Go Big Read author to discuss “Enrique’s Journey”
When Pulitzer Prize-winning writer Sonia Nazario speaks the evening of Thursday, Oct. 27, at Union South at the University of Wisconsin–Madison, she’ll join a vibrant campus conversation already under way about her book,“Enrique’s Journey.”
Sonia Nazario, author of this year’s Go Big Read selection “Enrique’s Journey,” will visit campus this week to discuss her book.
Photo: Bryce Richter
Nazario’s talk is the marquee event for Go Big Read, the university’s common-reading program, and it promises to touch on more than just the story of Enrique, a Honduran boy who at age 16 repeatedly attempted to reach the United States to find his mother. His harrowing odyssey, clinging to the tops and sides of trains, is one taken by thousands of immigrant children who try to come to the United States each year to reunite with their parents.
Ken Frazier, director of UW–Madison Libraries, expects readers to respond on a personal level to the story of Enrique and his family. But Frazier also anticipates the book will inspire more from readers with the questions it raises about poverty and the legal, social, psychological and cultural impacts of immigration.
“Sonia Nazario’s public talks have a way of provoking wide-open discussion,” he says. “Major social issues are always seen more vividly when viewed through the lens of real-life human experience.”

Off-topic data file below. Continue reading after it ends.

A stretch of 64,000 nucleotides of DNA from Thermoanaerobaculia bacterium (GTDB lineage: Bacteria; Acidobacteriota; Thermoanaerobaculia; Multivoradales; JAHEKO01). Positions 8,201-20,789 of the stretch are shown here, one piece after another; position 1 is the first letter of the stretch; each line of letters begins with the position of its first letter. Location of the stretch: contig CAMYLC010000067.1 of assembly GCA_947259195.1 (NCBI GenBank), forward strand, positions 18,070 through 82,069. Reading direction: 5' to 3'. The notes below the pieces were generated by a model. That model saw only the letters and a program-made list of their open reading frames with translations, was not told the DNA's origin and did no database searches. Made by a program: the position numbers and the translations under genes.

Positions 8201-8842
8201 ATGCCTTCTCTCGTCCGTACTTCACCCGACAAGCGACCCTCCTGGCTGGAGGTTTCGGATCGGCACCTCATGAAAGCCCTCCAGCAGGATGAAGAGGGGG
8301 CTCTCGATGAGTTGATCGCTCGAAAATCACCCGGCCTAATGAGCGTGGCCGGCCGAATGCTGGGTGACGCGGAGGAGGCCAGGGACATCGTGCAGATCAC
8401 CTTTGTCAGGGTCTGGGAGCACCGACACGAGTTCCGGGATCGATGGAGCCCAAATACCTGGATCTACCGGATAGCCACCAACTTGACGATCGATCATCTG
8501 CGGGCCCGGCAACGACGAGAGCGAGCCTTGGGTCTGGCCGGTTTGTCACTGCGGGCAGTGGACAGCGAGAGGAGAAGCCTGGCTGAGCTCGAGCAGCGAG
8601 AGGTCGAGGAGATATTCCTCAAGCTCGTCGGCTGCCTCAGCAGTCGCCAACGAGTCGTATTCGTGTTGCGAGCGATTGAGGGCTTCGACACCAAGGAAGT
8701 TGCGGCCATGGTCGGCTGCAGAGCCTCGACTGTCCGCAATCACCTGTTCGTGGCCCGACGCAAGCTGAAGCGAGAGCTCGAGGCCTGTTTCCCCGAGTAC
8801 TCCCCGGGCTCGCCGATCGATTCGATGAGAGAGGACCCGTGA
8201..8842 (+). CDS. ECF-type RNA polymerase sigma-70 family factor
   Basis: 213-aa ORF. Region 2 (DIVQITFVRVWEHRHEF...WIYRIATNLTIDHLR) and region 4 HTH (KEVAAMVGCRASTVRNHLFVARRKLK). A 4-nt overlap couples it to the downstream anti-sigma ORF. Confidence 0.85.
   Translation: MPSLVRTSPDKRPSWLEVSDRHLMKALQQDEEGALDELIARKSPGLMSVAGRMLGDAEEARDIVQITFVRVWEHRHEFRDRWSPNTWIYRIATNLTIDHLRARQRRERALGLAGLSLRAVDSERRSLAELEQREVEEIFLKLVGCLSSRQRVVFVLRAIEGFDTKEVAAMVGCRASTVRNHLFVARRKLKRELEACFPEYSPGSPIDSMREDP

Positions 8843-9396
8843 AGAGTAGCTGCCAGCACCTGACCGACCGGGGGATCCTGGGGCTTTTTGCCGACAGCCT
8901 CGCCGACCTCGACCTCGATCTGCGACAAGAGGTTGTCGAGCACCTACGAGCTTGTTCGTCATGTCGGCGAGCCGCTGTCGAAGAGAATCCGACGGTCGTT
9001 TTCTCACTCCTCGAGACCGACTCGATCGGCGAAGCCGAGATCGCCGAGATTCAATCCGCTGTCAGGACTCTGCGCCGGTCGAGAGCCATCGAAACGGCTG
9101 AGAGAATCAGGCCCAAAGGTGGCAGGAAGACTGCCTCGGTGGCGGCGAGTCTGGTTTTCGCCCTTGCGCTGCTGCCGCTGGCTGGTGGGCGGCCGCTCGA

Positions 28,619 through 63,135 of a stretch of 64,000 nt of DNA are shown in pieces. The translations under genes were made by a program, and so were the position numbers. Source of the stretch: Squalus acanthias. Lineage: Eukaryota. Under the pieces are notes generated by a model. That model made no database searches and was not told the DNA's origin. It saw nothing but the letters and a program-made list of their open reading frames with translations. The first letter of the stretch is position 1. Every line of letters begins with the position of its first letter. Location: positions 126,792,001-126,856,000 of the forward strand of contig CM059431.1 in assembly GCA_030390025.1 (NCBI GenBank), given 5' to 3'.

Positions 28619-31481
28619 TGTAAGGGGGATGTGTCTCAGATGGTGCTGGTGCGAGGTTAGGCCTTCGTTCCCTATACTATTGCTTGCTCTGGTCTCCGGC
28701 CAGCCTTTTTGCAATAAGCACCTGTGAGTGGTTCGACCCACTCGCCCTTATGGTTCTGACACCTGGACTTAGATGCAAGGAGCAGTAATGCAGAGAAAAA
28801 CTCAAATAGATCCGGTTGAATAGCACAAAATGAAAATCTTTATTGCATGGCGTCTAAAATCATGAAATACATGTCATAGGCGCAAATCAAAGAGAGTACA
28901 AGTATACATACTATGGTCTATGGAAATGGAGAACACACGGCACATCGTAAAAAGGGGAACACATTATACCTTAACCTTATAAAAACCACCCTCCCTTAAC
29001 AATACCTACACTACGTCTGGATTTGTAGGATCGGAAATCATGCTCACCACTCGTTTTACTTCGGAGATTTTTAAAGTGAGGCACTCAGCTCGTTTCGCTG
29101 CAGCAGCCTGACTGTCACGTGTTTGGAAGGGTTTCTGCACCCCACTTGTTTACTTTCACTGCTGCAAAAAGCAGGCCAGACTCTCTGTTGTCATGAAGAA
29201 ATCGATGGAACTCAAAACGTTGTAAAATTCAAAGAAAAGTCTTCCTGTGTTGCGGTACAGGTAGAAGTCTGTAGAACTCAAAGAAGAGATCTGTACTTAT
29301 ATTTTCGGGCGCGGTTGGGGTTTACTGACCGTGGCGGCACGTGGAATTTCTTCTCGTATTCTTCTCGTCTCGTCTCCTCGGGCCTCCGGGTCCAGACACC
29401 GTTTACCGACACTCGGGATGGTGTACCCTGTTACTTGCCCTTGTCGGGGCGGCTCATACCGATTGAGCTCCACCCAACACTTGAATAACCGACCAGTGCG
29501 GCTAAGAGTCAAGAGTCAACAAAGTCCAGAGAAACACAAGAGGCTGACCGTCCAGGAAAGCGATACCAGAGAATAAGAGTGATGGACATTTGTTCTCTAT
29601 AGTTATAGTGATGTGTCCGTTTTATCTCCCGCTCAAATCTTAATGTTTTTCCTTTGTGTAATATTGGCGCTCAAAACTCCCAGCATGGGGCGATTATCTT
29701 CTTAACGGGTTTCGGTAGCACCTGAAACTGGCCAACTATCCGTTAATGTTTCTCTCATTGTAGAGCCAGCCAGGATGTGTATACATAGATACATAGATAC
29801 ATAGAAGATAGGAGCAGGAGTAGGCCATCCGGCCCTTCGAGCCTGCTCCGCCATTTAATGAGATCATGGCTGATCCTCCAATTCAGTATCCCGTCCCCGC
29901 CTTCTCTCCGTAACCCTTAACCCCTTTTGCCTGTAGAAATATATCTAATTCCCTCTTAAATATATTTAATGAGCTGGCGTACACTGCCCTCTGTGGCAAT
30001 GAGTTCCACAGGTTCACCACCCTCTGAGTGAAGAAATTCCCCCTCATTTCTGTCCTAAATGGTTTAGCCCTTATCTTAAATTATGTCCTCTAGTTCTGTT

Around the country, the book has moved its readers to reach out to help others. For example, students in California raised money to provide micro-loans for women in Guatemala to create jobs that allow them to stay with their children and lift themselves out of staggering poverty.
About 5,000 UW students received copies of “Enrique’s Journey” at the Chancellor’s Convocation for New Students in September, and more than 70 courses on campus are including the book as part of instruction this semester. In addition, a number of faculty and staff are discussing the book in small reading groups around campus.
Go Big Read organizers invited comments and questions on the program’s blog in advance of Nazario’s visit, and the responses demonstrate how the book affects readers. “I was heartbroken by the stories you described that you saw on your journey,” reads one post. “The injuries and situations that you described left me wanting to hear more.”
While on campus Thursday and Friday, Oct. 27 and 28, Nazario will also meet with first-year undergraduate writing courses, Madison-area high school students from Centro Hispano, participants in the Odyssey Project, as well as some UW students from First-Year Interest Groups, Chadbourne Residential College, the Multicultural Learning Community and Bradley Learning Community.
Nazario’s presentation begins at 7 p.m. Thursday in Union South’s Varsity Hall and is free and open to the public. Interim Chancellor David Ward will give remarks, and Charles Snowdon, co-chair of Go Big Read’s review committee and a UW–Madison professor of psychology, will moderate the question-and-answer period. Doors open at 6 p.m. and no tickets are required. Parking is available for $10 in lots 17 and 20. A sign-language interpreter will be present.
The event will be streamed live at the Go Big Read website and captioned and archived for later viewing.